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An Empirical Model For Upward Flame Spread Over Vertical Flat And Corner Walls

Qian, C. and Saito, K., 1997. An Empirical Model For Upward Flame Spread Over Vertical Flat And Corner Walls. Fire Safety Science 5: 285-296. doi:10.3801/IAFSS.FSS.5-285


The characteristics and heat transfer mechanisms of flame spread along vertical comer walls have been studied experimentally. An infrared (IR) imaging system was applied to measure 8 the pyrolysis height during flame spread. The total incident heat flux to the wall surface from the flame was measured by Gardon-type heat flux meters. Flame height was recorded by a video camera. Based on these experimental studies and literature review, two important I correlations have been found for both vertical flat wall and comer wall flame spread: (1) Flame heights are primarily proportional to the elapsed time to the power of 1.3, even for the flame on the corner wall which is almost twice higher than the flame on the flat wall. (2) Heat flux correlates with the normalized height x/xf as a power law relation with the exponent 1 of -2.3 in preheat zone. Based on these two correlations, the transient heat flux distribution 1 in preheat zone has been modeled as an exponential function of time and height. Introducing the heat flux model into the one-dimensional heat transfer model for preheating process, an empirical flame spread model has been developed, and verified by experimental results.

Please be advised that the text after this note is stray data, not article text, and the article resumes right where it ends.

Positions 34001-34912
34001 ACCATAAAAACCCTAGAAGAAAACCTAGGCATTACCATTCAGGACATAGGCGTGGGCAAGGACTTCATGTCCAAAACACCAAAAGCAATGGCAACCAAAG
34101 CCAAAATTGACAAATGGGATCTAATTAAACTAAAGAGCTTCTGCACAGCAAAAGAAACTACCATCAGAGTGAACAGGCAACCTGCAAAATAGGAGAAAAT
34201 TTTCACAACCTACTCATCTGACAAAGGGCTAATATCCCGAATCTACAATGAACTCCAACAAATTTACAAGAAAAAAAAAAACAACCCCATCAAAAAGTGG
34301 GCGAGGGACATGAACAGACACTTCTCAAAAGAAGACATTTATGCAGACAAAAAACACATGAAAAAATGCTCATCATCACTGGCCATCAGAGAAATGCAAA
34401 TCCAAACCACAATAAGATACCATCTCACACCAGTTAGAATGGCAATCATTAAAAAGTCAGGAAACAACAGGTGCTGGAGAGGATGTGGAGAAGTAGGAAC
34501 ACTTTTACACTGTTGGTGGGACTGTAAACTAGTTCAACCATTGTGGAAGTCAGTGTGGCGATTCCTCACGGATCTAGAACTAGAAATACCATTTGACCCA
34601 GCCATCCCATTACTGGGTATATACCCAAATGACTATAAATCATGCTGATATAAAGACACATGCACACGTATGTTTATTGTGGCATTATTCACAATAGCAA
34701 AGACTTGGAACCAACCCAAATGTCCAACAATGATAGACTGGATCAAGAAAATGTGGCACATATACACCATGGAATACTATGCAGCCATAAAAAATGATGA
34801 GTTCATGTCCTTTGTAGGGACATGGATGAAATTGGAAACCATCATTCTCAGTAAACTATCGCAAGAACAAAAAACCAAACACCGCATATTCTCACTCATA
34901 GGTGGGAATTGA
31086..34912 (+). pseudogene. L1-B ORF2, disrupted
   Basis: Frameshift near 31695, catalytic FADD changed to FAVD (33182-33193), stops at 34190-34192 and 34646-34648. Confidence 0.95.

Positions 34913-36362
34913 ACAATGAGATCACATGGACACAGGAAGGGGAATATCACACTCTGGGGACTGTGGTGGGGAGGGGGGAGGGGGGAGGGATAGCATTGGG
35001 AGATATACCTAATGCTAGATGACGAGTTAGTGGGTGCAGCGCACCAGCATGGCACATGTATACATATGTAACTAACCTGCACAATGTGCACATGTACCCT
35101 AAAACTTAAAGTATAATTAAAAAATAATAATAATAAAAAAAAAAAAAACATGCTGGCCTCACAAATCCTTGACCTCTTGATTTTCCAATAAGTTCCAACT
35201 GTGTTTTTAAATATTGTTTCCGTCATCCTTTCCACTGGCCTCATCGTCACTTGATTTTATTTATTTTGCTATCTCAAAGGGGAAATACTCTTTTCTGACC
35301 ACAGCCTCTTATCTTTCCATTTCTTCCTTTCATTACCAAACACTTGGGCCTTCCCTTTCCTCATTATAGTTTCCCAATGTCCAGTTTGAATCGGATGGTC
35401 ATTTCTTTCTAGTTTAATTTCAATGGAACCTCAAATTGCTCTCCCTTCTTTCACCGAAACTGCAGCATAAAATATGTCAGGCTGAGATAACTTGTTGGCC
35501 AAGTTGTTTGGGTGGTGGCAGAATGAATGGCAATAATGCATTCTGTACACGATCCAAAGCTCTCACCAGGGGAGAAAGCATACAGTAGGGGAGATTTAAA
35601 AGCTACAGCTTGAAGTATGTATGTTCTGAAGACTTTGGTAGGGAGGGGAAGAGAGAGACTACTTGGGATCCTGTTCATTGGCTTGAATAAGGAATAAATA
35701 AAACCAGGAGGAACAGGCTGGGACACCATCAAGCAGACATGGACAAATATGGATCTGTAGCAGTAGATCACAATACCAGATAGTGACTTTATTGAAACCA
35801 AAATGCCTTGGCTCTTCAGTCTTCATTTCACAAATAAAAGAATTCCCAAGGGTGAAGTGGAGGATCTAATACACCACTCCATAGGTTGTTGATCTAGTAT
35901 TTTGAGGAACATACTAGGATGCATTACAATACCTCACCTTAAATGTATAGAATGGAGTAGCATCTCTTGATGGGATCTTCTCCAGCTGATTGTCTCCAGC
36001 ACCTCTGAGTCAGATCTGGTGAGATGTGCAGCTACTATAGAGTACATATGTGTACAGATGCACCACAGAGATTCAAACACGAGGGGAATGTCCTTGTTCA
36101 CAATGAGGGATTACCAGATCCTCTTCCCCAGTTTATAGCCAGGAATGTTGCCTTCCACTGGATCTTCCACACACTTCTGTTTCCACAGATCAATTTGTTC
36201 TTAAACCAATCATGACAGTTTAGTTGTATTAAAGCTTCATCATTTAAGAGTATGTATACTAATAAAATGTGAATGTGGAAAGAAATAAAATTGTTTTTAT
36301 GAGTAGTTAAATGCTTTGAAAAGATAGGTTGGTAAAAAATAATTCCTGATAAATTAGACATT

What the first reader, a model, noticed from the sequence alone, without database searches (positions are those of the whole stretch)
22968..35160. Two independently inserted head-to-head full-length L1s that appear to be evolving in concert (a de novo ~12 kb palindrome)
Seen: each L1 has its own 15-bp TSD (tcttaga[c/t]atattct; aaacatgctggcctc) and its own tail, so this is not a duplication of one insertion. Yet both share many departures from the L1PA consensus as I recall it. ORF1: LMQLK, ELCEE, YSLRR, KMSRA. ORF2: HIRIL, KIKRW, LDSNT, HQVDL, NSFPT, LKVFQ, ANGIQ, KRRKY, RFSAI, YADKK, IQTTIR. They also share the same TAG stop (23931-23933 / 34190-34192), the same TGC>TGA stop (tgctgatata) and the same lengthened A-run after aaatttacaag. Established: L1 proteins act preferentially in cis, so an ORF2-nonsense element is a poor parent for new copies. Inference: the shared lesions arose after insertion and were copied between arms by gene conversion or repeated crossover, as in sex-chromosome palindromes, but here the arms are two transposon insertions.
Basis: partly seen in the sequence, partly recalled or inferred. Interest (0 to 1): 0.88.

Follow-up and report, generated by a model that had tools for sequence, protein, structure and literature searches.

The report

ir temperature measurement, upward flame spread, vertical flat and corner walls, heat flux, heat transfer, empirical power law

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